The roads provide a natural loop for touring around the area, starting out on the road to Santonio and Monteorsaro and returning on the main SP9, through Asta and Governara, or vice versa. If you want to combine this itinerary with the previous one, you can simply turn off to Cervarolo and Civago when you reach Case Balocchi. In other words, there are plenty of good roads in and around Villaminozzo, especially as none of the other areas in the mountains has so many outlying villages, all with their own history and traditions. The network of local roads is essential for the local people and is an element that people do not take for granted in the mountains. The roads safeguard their livelihoods and make life in the mountains a little easier. The area is also interesting for the events that took place here during the World War Two linked to the Resistance. One such important site is Tapignola church. The building is just off the main road between Santonio and Coriano and was built after the earthquake of 1920 to replace the old parish church at Coriano that fell down, to service both communities. A brave priest from Lombardy, don Pasquino Borghi, met a newly formed underground movement on October 25th, 1943, led by the Cervi brothers and several Russian and English soldiers. Don Pasquino gave his life for the cause and he is a fine example of the fight for freedom guided by ethics and religion and the struggle for civil liberties during that dramatic period. The views from the road are extremely pretty and can be enjoyed to the full since the road is a slower drive than the busier SP 9 that runs alongside the Secchiello brook, making it a good alternative route from Villaminozzo to Civago. The village of Monteorsaro looks over the valley, at a respectable height of 1252 metres, beneath the summits of Mount Prampa andMount Cisa. Records dating back to 1184 have been found that mention the hamlet of Mons Orsarius, but the earthquake damage and the slapdash, unplanned rebuilding of the village means that traces of its original architecture are far and few between. The village has an interesting name that points to the bears that roamed the Apennines until quite recent times. Documents have been found mentioning a local custom whereby bears used to be sent regularly to the Duke of Modena as a gift (actually a form of taxation). Wolves have been recently reintroduced into the mountains (some have been spotted at daybreak but they are very elusive animals) whereas deer and wild boar have become so numerous that selective culling has become necessary. The delicate ecology and slow reproductive habits of bears means they will probably never come back. The drive takes you from Monteorsaro down to Febbio, the name of one of the most popular tourist spots in the Apennine Mountains of Reggio Emilia. Febbio itself is not particularly interesting. Again, the main reason is the rebuilding that went on after the earthquake. The surroundings, however, are very interesting. Febbio is famous for its ski lifts (although they are actually at Rescadore, a nearby location): some of the best in the entire region (and definitely the highest, as the chairlift goes to the top of Mount Cusna 2064 metres above sea level). The area is also popular in summer (the chairlift runs at weekends in July and daily throughout August). There is a modern campsitethat also has bungalows, a riding school that organises horseback rides through the woods, restaurants and (a few) hotels, a hostel, a tourist information centre in the Park, and a shop offering ski hire in winter and bicycle hire throughout the summer. The Piero Zambonini weather and astronomical observatory is also an interesting and unusual venue that has organised stargazing programmes for visitors for the last 10 years with A.R.A. experts from the Associazione Reggiana d'Astronomia based at Castelnovo di Sotto (for more details call Alessio Perini Mobile- +39 333 - 2904885). The excellent visibility of the sky in this part of the Apennines, its high altitude and its location within a protected area, guarantee optimum conditions for star gazing with no light pollution The observatory is a motorised dome housing a 32 cm catadioptric telescope. Make sure you leave time for a visit to the three mountain refuges in the area; they can all be reached by car, but some of the approach roads are dirt tracks and require careful driving. They are the new refuge at Monteorsaro, the Pescheria Zamboni, a curious, circular man-made lake built before the last war where you can fish for farmed trout (and eat them then and there), and the Pianvallese refuge, again with a fishing lake stocked with trout. You reach Pianvallese by carrying on past Rescadore, on the road running alongside the chairlift and then going into the beech woods. The others are sited on side roads. There are road signs with directions but you may find you have to stop and ask for the way. Roncopianigi, Riparotonda, Governara and Asta are other villages in the valley, surrounding Febbio. They are all interesting in their own right and visitors with a sense of curiosity will enjoy a sort of treasure hunt if they park their car and go exploring on foot. There are little gems waiting to be discovered, such as a sandstone portal, an old medieval window with decorative stonework, a carved figure or an apotropaic head with its long-lost symbolism. Guidebooks and magazines, some published quite recently, are available at tourist information centres or larger newspaper shops and stands, to help visitors explore and discover these architectural gems, which may be lacking in prestige but are attractive just the same.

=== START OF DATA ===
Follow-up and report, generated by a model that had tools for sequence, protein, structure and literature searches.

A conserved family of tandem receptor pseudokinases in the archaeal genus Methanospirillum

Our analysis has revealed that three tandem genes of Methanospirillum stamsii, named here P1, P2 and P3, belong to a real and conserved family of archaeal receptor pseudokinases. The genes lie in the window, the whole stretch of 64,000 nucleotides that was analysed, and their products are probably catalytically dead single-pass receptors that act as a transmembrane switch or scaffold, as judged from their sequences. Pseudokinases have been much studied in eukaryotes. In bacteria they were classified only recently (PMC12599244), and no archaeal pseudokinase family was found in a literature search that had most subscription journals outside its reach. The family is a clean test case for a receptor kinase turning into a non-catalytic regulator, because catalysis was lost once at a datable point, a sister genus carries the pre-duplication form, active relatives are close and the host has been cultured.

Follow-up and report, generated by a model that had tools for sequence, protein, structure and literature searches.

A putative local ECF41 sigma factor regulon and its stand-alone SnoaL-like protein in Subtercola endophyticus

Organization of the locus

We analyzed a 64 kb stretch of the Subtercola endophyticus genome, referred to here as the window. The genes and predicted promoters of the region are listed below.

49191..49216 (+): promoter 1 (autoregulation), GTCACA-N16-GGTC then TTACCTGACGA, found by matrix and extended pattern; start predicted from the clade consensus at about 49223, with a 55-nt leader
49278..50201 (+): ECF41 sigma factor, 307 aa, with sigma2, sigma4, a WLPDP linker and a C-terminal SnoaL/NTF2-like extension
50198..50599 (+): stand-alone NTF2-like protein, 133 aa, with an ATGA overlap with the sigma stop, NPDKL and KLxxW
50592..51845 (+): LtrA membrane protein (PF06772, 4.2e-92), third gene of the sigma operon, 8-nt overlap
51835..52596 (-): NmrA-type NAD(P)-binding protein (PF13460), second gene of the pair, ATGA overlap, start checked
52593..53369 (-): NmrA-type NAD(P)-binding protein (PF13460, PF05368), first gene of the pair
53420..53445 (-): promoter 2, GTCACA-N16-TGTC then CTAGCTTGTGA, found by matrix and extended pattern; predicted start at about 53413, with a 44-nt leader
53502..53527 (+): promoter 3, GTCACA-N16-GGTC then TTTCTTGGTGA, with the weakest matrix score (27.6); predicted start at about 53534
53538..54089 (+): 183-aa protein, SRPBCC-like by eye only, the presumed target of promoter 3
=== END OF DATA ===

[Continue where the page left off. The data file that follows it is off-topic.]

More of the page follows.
The journey back to Villa takes the SP9, with the spectacular backdrop of Mount Torricella: a veritable natural encyclopaedia of the stratigraphy in the Apennines, showing how the mountains formed on the seabed as a result of the gradual accumulation of layers of sediment, and then were lifted by the drift that resulted in the mountains forming. Technically speaking, the mountain is a display of calcareous-marly flysch. Few other rock faces are quite as imposing and spectacular.

Last update: April 11, 2022